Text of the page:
So, is NPR liberal leaning? Are public radio employees broadcasting a bunch of leftist propaganda? This American Life host Ira Glass issues a challenge.
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IRA GLASS: Hey, guys?
BROOKE GLADSTONE: Ira Glass, host of This American Life.
BOB GARFIELD: As I live and breathe!
BROOKE GLADSTONE: So, Ira, what are you doing here?
IRA GLASS: Well, are you guys going to cover like the thing that nobody talks about in this whole debate over defunding public radio, or at least nobody in public radio talks about it, which is –
BROOKE GLADSTONE: The elephant in the room?
IRA GLASS: Yes, all the conversations about defunding public radio. If you look at the lobbying effort that public radio and public TV have mounted - they had this campaign called 170 Million, and there’s a website, and it’s all about how 170 million Americans each month listen to public radio or watch public TV, and we're all in this together, and that includes a lot of conservatives. And I feel like it completely sidesteps the actual substance of the main attack on public radio, and that is the attack that we have a left-wing liberal bias. Can I play you guys a clip?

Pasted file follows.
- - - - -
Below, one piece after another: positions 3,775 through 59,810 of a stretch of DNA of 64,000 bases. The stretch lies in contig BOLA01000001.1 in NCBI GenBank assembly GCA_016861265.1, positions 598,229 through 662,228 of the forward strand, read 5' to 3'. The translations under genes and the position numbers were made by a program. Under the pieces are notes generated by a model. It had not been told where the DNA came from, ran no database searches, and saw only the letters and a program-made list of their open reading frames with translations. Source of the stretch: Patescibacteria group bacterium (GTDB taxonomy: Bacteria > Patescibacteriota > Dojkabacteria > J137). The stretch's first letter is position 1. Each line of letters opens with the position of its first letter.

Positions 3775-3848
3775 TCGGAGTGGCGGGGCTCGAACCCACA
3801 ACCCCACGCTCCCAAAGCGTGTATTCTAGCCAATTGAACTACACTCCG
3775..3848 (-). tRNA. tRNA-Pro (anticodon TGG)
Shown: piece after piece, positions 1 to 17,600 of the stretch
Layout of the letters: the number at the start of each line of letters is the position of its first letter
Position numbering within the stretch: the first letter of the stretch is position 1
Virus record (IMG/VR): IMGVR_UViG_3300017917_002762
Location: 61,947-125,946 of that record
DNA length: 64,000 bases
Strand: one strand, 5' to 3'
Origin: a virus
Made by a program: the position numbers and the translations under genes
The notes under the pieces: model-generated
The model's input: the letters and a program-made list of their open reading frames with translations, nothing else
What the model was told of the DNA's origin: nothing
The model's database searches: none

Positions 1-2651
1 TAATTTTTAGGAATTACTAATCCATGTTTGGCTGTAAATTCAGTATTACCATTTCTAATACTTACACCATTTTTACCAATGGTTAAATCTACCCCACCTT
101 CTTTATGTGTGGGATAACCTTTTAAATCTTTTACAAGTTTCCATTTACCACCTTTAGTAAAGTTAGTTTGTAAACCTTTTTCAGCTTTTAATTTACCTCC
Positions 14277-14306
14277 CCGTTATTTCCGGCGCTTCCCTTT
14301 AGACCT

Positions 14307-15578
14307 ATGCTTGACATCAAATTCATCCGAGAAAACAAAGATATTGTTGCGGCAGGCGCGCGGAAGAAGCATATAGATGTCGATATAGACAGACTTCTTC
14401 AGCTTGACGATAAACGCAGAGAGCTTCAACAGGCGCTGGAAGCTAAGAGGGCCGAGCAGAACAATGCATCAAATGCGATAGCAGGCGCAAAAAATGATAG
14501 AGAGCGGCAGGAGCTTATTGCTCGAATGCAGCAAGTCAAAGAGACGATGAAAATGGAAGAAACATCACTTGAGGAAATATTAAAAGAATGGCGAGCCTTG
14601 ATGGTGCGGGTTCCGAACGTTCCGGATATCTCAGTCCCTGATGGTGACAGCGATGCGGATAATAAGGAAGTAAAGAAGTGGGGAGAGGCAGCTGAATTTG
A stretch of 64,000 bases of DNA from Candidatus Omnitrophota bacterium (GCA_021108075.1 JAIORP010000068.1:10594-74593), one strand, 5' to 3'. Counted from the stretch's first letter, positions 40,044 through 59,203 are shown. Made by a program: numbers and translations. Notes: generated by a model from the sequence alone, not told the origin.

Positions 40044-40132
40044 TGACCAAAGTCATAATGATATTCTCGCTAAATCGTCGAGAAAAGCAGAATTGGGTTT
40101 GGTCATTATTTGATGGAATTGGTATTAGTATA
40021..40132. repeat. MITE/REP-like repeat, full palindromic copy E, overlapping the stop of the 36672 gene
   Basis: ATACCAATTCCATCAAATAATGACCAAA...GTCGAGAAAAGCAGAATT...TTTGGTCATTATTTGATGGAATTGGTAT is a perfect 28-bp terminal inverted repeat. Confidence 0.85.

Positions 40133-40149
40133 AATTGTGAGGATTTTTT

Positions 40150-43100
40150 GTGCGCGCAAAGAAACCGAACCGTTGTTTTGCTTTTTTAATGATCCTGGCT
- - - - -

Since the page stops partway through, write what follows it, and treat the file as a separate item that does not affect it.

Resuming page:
BROOKE GLADSTONE: Yeah.
IRA GLASS: All right, here we go. This is Bill O’Reilly from FOX News, which is the source of most of this.
BILL O'REILLY: NPR has now devolved into a totalitarian outfit functioning as an arm of the far left. There’s no question about that.
BOB GARFIELD: That’s funny. That same video clip was played at our conference call this morning with Kim Jong-Il, when he gave us our marching orders.
BROOKE GLADSTONE: Okay so, Ira, what’s your beef then, really? Is it that public radio itself is not willing to take this on, because about 25 years ago I was asked to do a piece, is NPR biased to the left, and I couldn't find a metric to apply to the question in order to answer it.
IRA GLASS: I don't know the methodology that somebody would use, but I feel like public radio should address this directly, because I think anybody who listens to our stations understands that what they're hearing is mainstream media reporting. We have nothing to fear from a discussion of what is the news coverage we're doing. As somebody who works in public radio, it is killing me that people on the right are going around trying to basically rebrand us, saying that it’s biased news, it’s - it’s, you know, it’s left wing news, when I feel like anybody who listens to the shows knows that it’s not. And we are not fighting back. We're not saying anything back. I find it completely annoying and [LAUGHS], and I don't understand it.